“It’s as simple as we are following the milk,” Laura Mihm, corporate communications manager of Foremost Farms, told MiBiz at the time the company announced the plant. “Milk production is very strong in Michigan, and Greenville is about (30 miles) to the west of our epicenter of milk. That’s the reason we chose it.”
Foremost’s facility will receive about 6 million pounds of raw milk per day, Mihm said.
Other major food processing expansion projects in the area include the Glanbia plc’s planned $510 million facility in St. John’s, Clemens Food Group’s $255 million pork processing facility in Coldwater and Continental Dairy Facilities LLC’s $173 million collaborative expansion in Coopersville with Fairlife LLC.
Fairlife, a Chicago-based milk manufacturer, operates a plant in Coopersville that employs 250 people, double its headcount from a couple of years ago, said Brian Krosschell, the company’s general manager of supply chain.
“We’re on a very fast growth rate, growing in the double-digit percentages as we speak,” Krosschell told MiBiz. “Keeping up with that demand is a daily discussion for us.”
Fairlife has added two production lines since 2015, allowing the facility to pump out 45 million to 50 million cases of product annually.
Between Fairlife and the adjacent Continental Dairy facility, the companies receive and process 6 million to 7 million pounds of milk per day.
“If you go through the decision criteria, right at the top of that list is milk supply, and not only milk supply, but a quality of that milk supply,” said Krosschell, who’s been with Fairlife for about three and a half years. “For us, and our partnership and relationship with Select Milk Producers, they deliver that to us … in West Michigan. From a dairy farmer perspective, we have everything we need with Select Milk Producers right here in West Michigan.”
Anders Porter, vice president of communications for Fairlife, said proximity to farmers and the raw milk is what differentiates West Michigan from other regions.
“The collaborative efforts … of dairy farmers are able to provide that high-quality fresh milk quickly, so we’re not having to move it in to get it there,” Porter said. “That’s just a big part of what ends up on the shelf for the consumer. The sooner you are able to get that product from the cow to the plants to the consumer, the better the process in general, and the easier it is for us to sort of stick to and adhere to our values, and our guiding principles.”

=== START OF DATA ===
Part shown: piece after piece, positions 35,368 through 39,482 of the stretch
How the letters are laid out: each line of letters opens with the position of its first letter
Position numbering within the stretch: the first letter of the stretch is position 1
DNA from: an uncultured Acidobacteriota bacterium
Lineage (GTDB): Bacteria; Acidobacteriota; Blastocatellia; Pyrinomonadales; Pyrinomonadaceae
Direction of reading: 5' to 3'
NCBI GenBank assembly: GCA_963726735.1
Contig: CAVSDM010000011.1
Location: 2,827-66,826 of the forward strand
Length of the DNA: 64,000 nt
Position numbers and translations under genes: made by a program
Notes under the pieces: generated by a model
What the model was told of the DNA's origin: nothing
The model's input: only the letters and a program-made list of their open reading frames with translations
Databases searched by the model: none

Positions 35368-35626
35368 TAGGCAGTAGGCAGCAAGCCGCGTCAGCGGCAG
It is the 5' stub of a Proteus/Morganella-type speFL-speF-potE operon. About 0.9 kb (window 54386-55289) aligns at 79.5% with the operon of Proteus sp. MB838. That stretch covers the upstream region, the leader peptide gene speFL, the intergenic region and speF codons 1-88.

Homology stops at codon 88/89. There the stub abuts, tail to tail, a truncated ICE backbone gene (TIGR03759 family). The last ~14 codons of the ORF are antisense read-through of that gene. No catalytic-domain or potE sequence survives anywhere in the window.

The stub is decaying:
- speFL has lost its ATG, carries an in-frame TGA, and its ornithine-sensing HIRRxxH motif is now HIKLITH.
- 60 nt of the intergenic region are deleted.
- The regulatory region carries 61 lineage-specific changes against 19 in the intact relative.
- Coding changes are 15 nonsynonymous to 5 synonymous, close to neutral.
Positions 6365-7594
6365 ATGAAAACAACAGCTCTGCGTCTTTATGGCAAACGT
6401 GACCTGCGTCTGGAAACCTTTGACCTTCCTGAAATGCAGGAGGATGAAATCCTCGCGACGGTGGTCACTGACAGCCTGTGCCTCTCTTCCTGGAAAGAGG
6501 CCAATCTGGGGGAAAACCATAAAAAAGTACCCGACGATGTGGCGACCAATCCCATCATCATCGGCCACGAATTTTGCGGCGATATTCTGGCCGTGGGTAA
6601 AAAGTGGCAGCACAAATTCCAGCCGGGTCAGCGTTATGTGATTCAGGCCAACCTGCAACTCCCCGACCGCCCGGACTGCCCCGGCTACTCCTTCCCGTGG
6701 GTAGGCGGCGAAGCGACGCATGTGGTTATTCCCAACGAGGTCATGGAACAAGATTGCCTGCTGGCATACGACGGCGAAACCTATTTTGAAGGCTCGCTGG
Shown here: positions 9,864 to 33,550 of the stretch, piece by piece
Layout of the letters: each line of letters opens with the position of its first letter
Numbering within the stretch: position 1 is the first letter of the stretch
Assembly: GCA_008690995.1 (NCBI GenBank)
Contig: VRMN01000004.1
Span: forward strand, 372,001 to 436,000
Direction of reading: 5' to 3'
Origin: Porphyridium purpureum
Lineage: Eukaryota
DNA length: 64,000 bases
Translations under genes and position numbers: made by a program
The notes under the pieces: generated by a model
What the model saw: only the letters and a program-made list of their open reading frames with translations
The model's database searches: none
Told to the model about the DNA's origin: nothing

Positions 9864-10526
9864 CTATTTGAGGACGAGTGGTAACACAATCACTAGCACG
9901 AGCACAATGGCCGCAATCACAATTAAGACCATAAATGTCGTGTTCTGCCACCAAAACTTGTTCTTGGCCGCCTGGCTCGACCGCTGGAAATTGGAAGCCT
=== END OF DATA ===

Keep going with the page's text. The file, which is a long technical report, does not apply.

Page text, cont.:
Krosschell echoed those sentiments, saying that when a milk processor has ample dairy supply and is close to a processing plant, it provides the “foundation for what started the growth here.”
As in other types of manufacturing, food processing thrives best when it’s close to its source of raw materials, according to Isely of GVSU.
“When we look at food processing, it’s a chicken-and-egg issue. You need X amount of ag to be coming into it, so you have to have the ag resources close by,” Isely said. “The effect of processing milk, whether it’s dry, fluid or cheese, contributes three times as much to the Michigan economy than cereal production. We have a substantial dairy component to what’s going on here.”
Another contributor to the success of the sector locally is its availability of high-quality freshwater. That’s because food processors use a lot of water, “which is great (because) Michigan’s got a lot of that,” Isely said.
Additionally, food processors also need infrastructure to handle the amount of wastewater they produce.
“If you look … in the Grand Rapids area where we have added in so much beer production that we’re now having to get creative with biodigesters and things like that, all of those things impact our wastewater treatment,” he said.
Despite the growth of food processing in the area, Isely said gaps still exist. In part, the industry’s agricultural supply chain will continue to face challenges related to the region’s growth as developers eye farmland for new housing and commercial projects.
“One of the things we have to worry about … if we’re starting to look back toward Kent County, is that the population pressures are (high) enough that it’s putting pressure on the ability to do agriculture,” he said. “You need a certain base of agriculture in order to convince the processing plants to be here.”
While Isely thinks West Michigan’s food processing industry is headed in the right direction, Krosschell said local and state officials still need to take action concerning capacity constraints.
“When you grow this fast, you run into challenges no different than in any other business,” Krosschell said. “I think the fact that we are part of the discussion in a dialogue now is great … but I think (there are still issues) like … infrastructure (and) wastewater.”
Krosschell added that ongoing discussions between dairy farmers and processors “could continue to ensure that we have everything we need to keep growing our businesses (and) our dairy farms here in Michigan.”